As Mark Ferron, CAISO Board of Governors, cited, in 5 years 60% of the state’s eligible population could potentially be served by CCA’s if all programs now in discussion came to completion in that time. He provided a link in later discussion which I repeat here for those who want to follow up on the tally he reported: climateprotection.tumblr.com/tagged/Community-Choice

CCA’s make solar available to those in multi-family dwellings or who own a home not situated with a solar-favorable orientation or location. Expansion of solar power to these customers is required if solar-based power is to expand. Yet as Michael Picker observed, CCA “forced collectivization is a coup against the traditional utility model, challenging utilities and eroding the role of the PUC.” We don’t know yet where this takes existing suppliers and industry participants.

The challenges of the new, evolving energy infrastructure are actively being addressed by the states of California and New York. Conferences such as this provide an excellent opportunity to reflect on the issues and the difficulty this transition poses for firms competing in the market, regulators and the state legislatures who will eventually need to rewrite the rules for structuring state energy markets.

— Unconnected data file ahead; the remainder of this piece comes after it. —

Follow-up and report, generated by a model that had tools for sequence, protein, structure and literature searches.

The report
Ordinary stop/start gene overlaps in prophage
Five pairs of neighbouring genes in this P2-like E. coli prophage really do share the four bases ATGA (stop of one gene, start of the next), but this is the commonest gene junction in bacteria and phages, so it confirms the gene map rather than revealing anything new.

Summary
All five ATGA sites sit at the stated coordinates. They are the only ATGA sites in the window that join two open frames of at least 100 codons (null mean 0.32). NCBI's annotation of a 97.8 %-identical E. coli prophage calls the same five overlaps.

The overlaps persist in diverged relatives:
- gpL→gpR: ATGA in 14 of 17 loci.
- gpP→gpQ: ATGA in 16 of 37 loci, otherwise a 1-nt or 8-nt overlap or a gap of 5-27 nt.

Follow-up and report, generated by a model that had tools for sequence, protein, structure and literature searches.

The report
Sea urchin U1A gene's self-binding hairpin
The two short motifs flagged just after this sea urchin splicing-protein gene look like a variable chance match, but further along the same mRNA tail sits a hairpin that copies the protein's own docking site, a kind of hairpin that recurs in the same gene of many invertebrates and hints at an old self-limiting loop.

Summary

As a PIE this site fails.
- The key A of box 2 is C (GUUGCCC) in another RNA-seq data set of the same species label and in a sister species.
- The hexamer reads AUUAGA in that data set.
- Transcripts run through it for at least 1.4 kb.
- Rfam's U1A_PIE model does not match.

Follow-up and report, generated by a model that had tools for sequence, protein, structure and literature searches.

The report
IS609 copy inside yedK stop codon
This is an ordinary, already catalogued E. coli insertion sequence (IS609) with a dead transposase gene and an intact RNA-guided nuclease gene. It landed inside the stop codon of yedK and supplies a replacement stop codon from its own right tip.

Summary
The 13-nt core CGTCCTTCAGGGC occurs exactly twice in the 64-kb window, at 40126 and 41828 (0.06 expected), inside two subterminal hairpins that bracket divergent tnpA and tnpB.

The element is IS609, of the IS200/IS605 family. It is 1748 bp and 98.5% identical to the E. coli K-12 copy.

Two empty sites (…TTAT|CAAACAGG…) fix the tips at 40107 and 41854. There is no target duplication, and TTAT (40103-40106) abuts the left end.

Yikes! Is California’s interest in Solar Energy Collapsing?

GTM Research and the Solar Energy Industries Association (SEIA) released their US Solar Market Insight 2015 Year in Review on Wednesday, March 9. We’ve been tracking their PV capacity reports for the past several years, and in the figure below we plot the 2015 capacity increases reported in their Executive Summary.

While there was strong national growth in installation capacity this past year, California’s capacity additions were less than in 2014. After a couple years of providing over half the annual capacity additions in the country (57% last year), California’s share has fallen to a mere 45%.

 Annual PV Installations: California and U.S. Total (2010-2015)